The Heat get more for their money than any other team. Miami’s core trio willingly took less than the maximum salary so they could play together, and talented veterans have in turn accepted less cash so they can ride the Big 3’s coattails to glory. But even Miami can’t build a team that’s equally adept against all possible opponents. Over the past three seasons, the Heat have cobbled together a truly miserable collection of big men: Joel Anthony, Ronny Turiaf, Juwan Howard, Dexter Pittman, Jarvis Varnado, Eddy Curry. Rather than spend precious free agent dollars on shoring up this fundamental weakness, Miami has instead focused on getting better at what it already does best, signing the smaller Shane Battier and Ray Allen. The Heat have decided to place their big bet on versatility and athleticism, while continuing to place lots of tiny bets on off-brand centers. (They finally hit on one this season, plucking Chris Andersen from some tattoo parlor at the end of the Earth.)

Miami’s decision to go small—their salvation against the Thunder in 2012—is what made the Heat appear on the verge of an on-court breakdown in the Eastern Conference Finals. Previous small-ball teams, most notably Don Nelson’s Warriors, consciously sacrificed defense for offense, taking advantage of their quickness to score a whole bunch of points while getting taken advantage of on the other end of the floor. But Miami hasn’t typically sacrificed all that much. This year, the Heat ranked No. 7 in the NBA in defensive efficiency, making up for its lack of height by trapping aggressively and forcing turnovers. The Heat are always scrambling, madly running around the court to cover up for their self-imposed deficiency. And it works.

Well, it usually works. In the Eastern Conference Finals, the brawny Pacers actually bettered their offensive efficiency from the regular season, improving from 101.6 to 103.2 points per 100 possessions. Roy Hibbert stomped all over the Heat’s little big men (as well as reasonably large big man Chris Andersen), averaging 22 points and 10 rebounds. And Indiana obliterated Miami on the boards, grabbing 55 percent of the series’ missed shots, a mark that would’ve easily led the NBA this season.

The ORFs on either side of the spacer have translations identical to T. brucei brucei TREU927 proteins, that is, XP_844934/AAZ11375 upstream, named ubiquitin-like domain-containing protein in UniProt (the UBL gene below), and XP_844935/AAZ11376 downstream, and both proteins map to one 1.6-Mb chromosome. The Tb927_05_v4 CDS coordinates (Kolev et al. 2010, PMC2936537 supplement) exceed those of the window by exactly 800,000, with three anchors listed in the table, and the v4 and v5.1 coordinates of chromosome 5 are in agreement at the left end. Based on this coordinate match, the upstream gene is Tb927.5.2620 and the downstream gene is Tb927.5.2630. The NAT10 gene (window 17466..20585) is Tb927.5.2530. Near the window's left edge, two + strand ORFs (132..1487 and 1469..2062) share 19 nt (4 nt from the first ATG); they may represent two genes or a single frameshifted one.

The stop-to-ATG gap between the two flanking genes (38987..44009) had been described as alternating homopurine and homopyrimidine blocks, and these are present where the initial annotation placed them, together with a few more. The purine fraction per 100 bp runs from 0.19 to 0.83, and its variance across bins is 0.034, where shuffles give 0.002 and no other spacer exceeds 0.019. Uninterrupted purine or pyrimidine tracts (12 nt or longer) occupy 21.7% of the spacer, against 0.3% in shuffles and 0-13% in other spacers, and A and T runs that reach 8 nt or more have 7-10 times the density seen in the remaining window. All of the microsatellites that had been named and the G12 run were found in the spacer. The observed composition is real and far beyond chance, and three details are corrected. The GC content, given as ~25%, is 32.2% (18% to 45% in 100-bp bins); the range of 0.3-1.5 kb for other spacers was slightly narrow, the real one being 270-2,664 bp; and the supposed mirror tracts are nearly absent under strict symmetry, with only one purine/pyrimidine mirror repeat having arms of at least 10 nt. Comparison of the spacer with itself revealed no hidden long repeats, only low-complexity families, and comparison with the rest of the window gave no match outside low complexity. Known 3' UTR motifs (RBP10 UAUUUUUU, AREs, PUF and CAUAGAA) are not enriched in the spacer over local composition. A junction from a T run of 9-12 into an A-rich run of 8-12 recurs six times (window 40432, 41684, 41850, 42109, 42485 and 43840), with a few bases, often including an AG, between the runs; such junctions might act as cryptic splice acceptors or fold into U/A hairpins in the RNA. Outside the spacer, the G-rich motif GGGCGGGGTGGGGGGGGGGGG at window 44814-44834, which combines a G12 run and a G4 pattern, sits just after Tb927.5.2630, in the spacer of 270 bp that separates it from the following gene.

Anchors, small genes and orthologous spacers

The matchup with the Pacers revealed that, even with LeBron James on the roster, small ball can be a tenuous technique—a high-variance strategy that’s prone to the occasional enormous failure. Double teams often lead to turnovers, which create easy baskets. Get enough of those, and you win going away. But if your rotations are late, and your swipes at the ball are too slow, then you give up easy baskets. In this case, Wade’s weakened state and Bosh’s errant shooting made the Heat look, at times, like every other undersized team.

The Heat’s struggles against the Pacers were a necessary consequence of the small-ball approach. Miami’s consistent regular-season greatness belied the fact that, when they face the league’s best and biggest teams, they’ll occasionally look terrible. This was less an identity crisis than a reality check: The Heat happened to face the one team that was best designed to take advantage of their roster’s weaknesses. Now that they’ve survived the Pacers, past performance does not have much bearing on future results. Though San Antonio has a big frontcourt like Indiana, the Spurs are a different team, with different matchups, ones the Heat should be able to exploit.

The best way to stave off an identity crisis is to avoid having an ironclad identity. Against the behemoth Pacers, Spoelstra made the concession of relegating the 6-foot-8 Battier to towel duty. But as Grantland’s indispensable Zach Lowe explains, Battier—whose ability to defend power forwards and drain corner threes allowed the Heat to go small in the first place—should be more playable against San Antonio, whose Tiago Splitter is less of an offensive threat than Indiana’s David West. So long as Dwyane Wade’s knee doesn’t explode, it looks like Miami’s bet will pay off. After all, the Spurs have just one player, Kawhi Leonard, who has any hope of corralling LeBron James—and that hope is minimal when the NBA’s best player moves to the low block. In the end, for all the talk of small ball, this is the most important roster advantage the Heat have in every series: They have LeBron, and the other team doesn’t.